We sent off the application for baby A’s British passport today. With that safely in the post, and no American passport in the pipeline (though she can get one in the future, I suppose), I feel I can admit it: I am now a much happier expat than before I gave birth.
Now, when I say ‘happier’, you should understand that I am in fact veering between delight and desperation most days, but that is probably how most new mothers with a moderately fussy baby feel. And I do often wish we were living near friends and family in Britain – less for sentimental reasons than the selfish thought that they might offer to look after baby A for an hour or two to give us some time off. But what I mean by ‘happier’ is that I’m not feeling nearly so resentful of living abroad. I’m struggling to make out why this is, but I have four main possible explanations.
1) Resenting living in America was a trivial self-indulgence, the kind you can afford when nothing particularly catastrophic is going on in your life. When you can’t manage more than six hours sleep a night, and are confronted with a distraught baby who cries at full volume several times a day and takes all your energy to calm her down again, the question of which country this whole experience is happening in feels a bit technical.
2) The process of giving birth in an American hospital, getting baby A into the healthcare system and legally registered was daunting. Now we’re over all those hurdles, there aren’t as many things involving the world at large to worry about.
3) I’ve had so many nice encounters with people around Evanston that it would be churlish to keep on hating the place. Wherever I go with baby A people stop and ask her her name and how old she is, remark on how beautiful she is, and – sometimes – tell me how well I’m doing. (There are exceptions like the bank security guard who was determined to tell me that I was letting her get too cold, but they are the rarities.) No one has batted an eyelid when I’ve nervously breastfed in public. Bus drivers have got out of their seats to help me with my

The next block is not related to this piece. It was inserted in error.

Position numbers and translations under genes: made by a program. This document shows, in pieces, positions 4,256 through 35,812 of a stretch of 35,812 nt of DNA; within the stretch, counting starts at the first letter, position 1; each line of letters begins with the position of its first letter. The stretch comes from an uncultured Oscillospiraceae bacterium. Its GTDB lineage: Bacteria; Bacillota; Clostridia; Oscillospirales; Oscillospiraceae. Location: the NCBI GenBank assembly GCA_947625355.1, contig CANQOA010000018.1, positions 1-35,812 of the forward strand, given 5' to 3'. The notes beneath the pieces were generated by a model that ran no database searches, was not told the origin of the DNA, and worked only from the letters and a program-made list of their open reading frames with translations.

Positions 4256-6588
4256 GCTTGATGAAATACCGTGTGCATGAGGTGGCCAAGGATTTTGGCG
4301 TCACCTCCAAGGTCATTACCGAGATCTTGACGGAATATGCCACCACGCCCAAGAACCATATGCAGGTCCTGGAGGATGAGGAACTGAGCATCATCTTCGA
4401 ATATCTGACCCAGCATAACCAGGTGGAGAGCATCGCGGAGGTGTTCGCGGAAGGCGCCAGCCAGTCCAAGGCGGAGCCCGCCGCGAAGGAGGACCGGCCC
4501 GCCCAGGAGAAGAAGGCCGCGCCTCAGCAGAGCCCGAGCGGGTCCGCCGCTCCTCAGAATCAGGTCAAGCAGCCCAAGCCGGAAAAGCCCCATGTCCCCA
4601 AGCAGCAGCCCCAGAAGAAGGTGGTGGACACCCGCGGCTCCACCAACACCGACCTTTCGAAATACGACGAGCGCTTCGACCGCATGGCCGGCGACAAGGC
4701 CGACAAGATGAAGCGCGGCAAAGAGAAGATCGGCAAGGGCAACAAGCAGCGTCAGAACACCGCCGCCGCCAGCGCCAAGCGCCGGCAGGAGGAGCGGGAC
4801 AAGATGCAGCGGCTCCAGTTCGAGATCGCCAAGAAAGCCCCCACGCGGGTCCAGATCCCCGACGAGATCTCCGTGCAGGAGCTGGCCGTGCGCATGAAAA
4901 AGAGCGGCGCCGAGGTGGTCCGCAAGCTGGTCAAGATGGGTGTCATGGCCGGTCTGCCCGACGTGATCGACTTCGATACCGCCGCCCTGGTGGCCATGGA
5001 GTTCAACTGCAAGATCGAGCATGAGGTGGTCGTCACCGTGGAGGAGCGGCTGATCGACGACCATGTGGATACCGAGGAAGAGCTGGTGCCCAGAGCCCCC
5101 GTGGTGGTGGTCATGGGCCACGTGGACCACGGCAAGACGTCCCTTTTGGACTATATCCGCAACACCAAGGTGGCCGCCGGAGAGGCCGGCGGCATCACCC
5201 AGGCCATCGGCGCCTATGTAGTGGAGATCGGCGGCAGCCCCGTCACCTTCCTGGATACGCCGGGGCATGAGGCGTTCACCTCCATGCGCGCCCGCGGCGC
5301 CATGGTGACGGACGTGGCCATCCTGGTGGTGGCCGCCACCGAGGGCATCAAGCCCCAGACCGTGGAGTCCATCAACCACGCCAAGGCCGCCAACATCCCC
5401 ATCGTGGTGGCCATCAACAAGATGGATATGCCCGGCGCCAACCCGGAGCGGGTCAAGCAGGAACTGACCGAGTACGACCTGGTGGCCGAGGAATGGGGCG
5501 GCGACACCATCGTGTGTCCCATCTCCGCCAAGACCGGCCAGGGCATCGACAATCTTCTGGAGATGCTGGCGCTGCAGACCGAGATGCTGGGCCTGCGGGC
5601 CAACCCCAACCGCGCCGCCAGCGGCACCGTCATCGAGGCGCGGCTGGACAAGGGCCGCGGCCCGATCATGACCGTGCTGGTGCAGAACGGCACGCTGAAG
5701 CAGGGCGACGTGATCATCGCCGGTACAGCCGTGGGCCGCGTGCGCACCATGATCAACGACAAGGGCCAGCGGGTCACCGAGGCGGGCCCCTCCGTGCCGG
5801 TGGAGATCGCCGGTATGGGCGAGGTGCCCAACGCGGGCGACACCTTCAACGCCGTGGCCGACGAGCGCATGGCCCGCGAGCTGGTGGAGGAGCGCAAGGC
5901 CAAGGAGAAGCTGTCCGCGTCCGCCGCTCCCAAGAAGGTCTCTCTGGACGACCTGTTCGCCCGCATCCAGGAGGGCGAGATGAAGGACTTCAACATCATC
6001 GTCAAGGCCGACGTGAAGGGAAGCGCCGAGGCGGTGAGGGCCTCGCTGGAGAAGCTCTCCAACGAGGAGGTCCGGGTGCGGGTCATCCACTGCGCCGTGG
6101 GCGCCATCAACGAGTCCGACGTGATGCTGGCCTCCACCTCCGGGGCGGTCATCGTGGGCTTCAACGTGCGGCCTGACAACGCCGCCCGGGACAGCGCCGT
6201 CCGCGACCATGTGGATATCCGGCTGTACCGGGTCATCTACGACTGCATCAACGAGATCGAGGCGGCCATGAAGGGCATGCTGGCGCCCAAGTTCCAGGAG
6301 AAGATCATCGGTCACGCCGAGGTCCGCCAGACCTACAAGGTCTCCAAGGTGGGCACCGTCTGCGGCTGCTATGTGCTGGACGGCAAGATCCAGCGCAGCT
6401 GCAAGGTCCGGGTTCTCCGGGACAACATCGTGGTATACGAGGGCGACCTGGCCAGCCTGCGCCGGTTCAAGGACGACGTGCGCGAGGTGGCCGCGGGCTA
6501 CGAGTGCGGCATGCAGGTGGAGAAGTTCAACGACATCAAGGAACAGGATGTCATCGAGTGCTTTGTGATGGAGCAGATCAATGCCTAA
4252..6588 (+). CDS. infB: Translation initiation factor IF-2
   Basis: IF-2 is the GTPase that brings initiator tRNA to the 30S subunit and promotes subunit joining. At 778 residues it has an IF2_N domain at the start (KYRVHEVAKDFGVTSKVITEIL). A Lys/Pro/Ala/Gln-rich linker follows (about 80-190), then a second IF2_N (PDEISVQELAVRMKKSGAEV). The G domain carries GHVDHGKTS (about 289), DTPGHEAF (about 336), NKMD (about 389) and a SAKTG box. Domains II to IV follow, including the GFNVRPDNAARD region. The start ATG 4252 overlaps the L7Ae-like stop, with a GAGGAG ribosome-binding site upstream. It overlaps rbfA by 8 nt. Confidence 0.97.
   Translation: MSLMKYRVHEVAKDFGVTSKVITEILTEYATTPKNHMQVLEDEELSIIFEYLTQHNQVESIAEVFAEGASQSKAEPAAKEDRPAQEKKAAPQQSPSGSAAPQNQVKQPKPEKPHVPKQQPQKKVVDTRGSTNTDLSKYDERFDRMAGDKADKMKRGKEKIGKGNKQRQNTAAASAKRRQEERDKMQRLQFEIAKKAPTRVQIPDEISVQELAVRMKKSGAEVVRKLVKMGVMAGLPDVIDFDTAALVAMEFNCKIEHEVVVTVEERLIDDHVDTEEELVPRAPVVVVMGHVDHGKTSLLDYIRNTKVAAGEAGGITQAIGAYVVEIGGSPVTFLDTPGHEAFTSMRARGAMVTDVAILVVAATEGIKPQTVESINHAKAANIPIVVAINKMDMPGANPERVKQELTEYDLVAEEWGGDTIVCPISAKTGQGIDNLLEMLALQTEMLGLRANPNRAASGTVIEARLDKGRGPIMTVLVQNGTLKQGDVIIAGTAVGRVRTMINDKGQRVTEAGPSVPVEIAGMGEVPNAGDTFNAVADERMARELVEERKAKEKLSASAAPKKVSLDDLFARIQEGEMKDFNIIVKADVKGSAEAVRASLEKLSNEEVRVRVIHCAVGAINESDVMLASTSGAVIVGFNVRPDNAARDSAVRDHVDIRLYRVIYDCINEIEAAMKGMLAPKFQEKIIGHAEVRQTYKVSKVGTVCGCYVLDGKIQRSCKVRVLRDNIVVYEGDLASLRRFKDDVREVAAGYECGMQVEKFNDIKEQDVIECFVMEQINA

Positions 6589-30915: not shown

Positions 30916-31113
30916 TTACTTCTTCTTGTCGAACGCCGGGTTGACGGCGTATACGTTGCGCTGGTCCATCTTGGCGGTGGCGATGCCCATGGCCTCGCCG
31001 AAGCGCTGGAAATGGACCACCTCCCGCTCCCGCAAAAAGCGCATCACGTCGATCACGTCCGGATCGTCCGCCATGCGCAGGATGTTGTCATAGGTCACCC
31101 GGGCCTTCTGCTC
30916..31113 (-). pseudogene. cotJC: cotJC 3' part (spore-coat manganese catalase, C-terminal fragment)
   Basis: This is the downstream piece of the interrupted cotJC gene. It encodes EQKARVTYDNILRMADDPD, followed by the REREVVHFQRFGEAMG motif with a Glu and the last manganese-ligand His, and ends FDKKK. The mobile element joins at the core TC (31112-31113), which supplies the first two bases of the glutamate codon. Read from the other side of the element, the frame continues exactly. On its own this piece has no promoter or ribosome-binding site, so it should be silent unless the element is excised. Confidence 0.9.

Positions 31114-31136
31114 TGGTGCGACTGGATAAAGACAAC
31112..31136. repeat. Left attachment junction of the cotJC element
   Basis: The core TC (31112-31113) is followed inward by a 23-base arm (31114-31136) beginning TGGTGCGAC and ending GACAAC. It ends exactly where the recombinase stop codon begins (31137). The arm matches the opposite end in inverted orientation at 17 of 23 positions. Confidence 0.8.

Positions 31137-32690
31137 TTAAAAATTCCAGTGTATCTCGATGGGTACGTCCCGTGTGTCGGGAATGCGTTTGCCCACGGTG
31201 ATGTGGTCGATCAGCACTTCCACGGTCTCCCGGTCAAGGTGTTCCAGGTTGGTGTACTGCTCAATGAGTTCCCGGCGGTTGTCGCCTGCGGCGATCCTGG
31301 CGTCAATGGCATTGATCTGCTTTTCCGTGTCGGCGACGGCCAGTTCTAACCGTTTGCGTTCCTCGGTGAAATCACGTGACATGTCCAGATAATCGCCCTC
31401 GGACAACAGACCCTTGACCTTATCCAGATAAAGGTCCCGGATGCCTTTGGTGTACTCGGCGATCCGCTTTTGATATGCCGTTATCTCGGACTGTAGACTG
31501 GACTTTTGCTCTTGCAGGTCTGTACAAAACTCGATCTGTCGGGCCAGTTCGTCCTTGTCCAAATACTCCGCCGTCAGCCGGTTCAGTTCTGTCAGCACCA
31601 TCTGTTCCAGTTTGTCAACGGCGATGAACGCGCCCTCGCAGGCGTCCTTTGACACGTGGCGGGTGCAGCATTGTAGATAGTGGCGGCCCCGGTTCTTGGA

stroller buggy. There are lovely people running the local baby shop, Adeline’s Room, and the Baby and Me yoga class at Evanston Athletic Club; and the librarians at Evanston Public Library acted as if we were giving them a huge treat by bringing a screaming A into their midst a few weekends ago. And people we barely knew gave us lovely presents for A, too.
4) This last possibility is the most troubling. Could it be that by having the major life experience of giving birth here I’ve finally become a proper expatriate? By which I mean, I suppose, that I’ve become a resident alien, rather than someone tapping my foot waiting for the next plane out. Somewhere in the midst of the sleep deprivation I have let down my guard and accepted that my life is actually happening here, in America.
But maybe, as people say about the crying baby stage, this too shall pass.